Magomedov Claims Accelerated – Statement by Simon Bushell, Senior Partner, Seladore Legal:

“Last September, our client, Ziyavudin Magomedov, a political prisoner in Russia, launched a $13.8 billion legal action against Russian state entities and others from his prison cell. Since then, he has faced several major obstacles, as defendants have sought to resist and delay the case, by arguing that the English courts do not have jurisdiction to hear his claims.

This is a well-worn tactic in English litigation. Deep-pocketed defendants do not relish serious scrutiny of their actions by the judges of our Commercial Court. Frequently, they look for ways to delay and ramp up costs for their opponents. The jurisdiction challenge was the course taken by Indian mining giant, Vedanta Resources, in response to the claims brought against them on behalf of citizens of Zambia who were claiming compensation for losses (including personal injury) suffered arising from their mining activities. Vedanta argued that the claims should be heard in the Zambian courts where (coincidentally) there was no prospect of the claims being funded successfully to a conclusion. BHP Group took a similar approach when faced with claims brought on behalf of 700,000 Brazilian claimants who claim losses estimated at US$36bn caused by the collapse of the Fundao dam, operated by BHP’s JV company, Samarco. In both of those cases, involving costly appeals to the Supreme Court and Court of Appeal respectively, the claimants’ legal teams were vindicated in their choice of England – alternative venues were not available in terms of providing effective justice.

In a significant ruling this week, Mr Justice Bright granted Mr Magomedov’s application to expedite the defendants’ jurisdiction hearings. Their challenges will now be heard in a 3 week hearing commencing on 10th September. The alternative might have led to a delay until October 2025 and Mr Magomedov will now have the opportunity to swiftly seek to remove one of the major obstacles in his path to justice.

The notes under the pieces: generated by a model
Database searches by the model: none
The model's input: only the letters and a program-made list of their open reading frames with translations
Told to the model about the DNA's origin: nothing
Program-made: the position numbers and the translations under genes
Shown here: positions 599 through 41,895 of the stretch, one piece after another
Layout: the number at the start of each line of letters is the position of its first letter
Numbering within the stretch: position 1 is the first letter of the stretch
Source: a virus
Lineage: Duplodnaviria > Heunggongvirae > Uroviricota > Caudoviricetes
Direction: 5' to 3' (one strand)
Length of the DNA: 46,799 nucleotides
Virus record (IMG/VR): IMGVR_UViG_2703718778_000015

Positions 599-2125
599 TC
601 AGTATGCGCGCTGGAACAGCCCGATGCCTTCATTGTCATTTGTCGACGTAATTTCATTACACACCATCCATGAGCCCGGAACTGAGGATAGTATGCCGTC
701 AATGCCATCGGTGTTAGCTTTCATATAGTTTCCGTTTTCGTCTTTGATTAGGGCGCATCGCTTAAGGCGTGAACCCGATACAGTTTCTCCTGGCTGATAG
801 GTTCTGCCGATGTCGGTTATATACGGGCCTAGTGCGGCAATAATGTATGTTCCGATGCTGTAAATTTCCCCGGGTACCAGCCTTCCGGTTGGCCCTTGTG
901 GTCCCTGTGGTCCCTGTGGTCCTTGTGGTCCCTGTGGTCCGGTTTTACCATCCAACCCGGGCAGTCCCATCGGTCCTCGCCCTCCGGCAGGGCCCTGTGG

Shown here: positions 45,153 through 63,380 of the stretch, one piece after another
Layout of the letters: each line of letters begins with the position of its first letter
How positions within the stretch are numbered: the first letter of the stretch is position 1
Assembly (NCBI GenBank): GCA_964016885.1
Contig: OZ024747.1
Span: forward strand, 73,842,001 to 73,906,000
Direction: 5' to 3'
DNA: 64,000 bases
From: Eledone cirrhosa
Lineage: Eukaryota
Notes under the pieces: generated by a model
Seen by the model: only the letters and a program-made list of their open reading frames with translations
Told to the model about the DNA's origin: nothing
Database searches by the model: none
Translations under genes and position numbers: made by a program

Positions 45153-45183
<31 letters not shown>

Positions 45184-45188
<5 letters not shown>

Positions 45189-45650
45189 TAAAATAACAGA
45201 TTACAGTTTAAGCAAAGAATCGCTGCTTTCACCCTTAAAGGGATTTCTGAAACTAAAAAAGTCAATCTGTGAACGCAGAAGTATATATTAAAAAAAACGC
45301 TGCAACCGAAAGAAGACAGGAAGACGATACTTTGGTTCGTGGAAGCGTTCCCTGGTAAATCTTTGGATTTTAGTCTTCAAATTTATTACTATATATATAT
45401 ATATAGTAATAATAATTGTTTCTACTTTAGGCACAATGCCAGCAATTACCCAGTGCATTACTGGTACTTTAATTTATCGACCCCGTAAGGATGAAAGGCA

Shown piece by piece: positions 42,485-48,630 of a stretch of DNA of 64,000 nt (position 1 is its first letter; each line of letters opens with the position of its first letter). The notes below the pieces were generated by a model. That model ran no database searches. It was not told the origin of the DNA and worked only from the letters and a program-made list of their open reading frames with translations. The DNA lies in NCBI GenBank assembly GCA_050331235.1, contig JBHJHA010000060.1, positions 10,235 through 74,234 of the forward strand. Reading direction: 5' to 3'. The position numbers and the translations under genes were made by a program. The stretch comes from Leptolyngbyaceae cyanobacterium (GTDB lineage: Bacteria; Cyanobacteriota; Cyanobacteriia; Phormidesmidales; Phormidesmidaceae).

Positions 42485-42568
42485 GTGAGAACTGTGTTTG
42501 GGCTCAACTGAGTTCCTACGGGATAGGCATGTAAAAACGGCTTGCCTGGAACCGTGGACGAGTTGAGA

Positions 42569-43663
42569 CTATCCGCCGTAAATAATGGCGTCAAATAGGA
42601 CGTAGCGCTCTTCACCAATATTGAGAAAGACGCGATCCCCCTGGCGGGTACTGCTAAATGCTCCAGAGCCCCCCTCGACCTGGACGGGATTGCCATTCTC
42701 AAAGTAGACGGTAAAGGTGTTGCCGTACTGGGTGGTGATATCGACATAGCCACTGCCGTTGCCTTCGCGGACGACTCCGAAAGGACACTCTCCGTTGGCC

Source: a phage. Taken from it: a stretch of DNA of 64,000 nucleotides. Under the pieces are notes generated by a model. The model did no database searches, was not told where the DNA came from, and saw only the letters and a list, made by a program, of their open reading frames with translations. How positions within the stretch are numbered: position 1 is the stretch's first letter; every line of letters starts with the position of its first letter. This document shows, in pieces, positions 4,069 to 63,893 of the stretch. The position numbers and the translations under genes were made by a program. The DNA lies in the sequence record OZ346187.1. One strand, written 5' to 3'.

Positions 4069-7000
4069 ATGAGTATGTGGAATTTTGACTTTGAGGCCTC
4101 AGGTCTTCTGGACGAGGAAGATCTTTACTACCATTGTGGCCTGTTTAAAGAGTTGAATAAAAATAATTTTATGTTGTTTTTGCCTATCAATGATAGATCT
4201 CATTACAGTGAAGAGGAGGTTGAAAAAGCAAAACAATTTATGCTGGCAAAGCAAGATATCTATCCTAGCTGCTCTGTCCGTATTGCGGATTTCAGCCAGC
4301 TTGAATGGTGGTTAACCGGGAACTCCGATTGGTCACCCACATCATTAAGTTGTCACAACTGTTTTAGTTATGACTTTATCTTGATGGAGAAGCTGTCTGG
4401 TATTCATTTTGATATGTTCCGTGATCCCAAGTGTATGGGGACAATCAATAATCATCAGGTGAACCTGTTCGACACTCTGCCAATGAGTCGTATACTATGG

Out of a total of 22 defendants, 15 are challenging the English court’s jurisdiction. In some cases, it is unclear where defendants say they would be tried more appropriately. It is tempting to conclude that they do not really care as long as it is not heard in England any time soon. In the wake of Alexei Navalny’s death,
Mr Magomedov’s precarious position as a Russian dissident makes the question of timing even more critical.

One of the defendants, Transneft, is even arguing that Russia (of all places) is a suitable forum in which Mr Magomedov should fight his claims. Its arguments that the Russian courts are reliable and objective, and not subject to government influence are being supported by an expert witness whose similar opinion was recently rejected entirely by Mr Justice Henshaw in Zephyrus Capital v Fidelis Underwriting [2024].

Consistent with its preference for the Russian courts, Transneft has sought an injunction in Russia preventing Mr Magomedov from pursuing his English High Court claim at all – thus seeking to pre-empt the jurisdiction challenge in England.

Responding to this, Mr Magomedov obtained an “anti-anti-suit injunction” from the English Court to prevent Transneft from pursuing its own injunction application. Transneft were ordered to seek to adjourn its Russian process. However, the Russian courts granted its injunction regardless. Mr Magomedov is now seeking an anti-enforcement injunction from the English Court to stop Transneft from enforcing the prohibition on him from pursuing his English claims.

Some of the defendants also contend that the claims against them are not based on any “serious issue”. This is despite the fact that the English court has already determined that there is a good arguable case against them (a higher threshold than the “serious issue” test), including that representatives of Rosatom were present at a meeting in which “menacing” conduct was found to have been directed at one of Mr Magomedov’s representatives as part of a campaign by which Rosatom was to assume control of his major asset, FESCO.

On top of this, the defendants are demanding Mr Magomedov post “security for costs” for all of these hearings, seeking to drain his resources as he fights to advance his claim. The total estimated spend by the defendants in their jurisdiction challenges is an eye-watering £17 million, with Mr Magomedov being invited to pay security of several million. Whilst security for costs is an accepted orthodoxy for those abroad embarking on commercial claims in England it does present a paradox: a claimant devastated by an unrelenting attack on his business empire is forced to divert huge sums from his depleted resources in order to obtain redress. Such an order would again play into the hands of the defendants – but thanks to the acceleration of the jurisdiction challenges the price to be paid may only be a short term constraint.”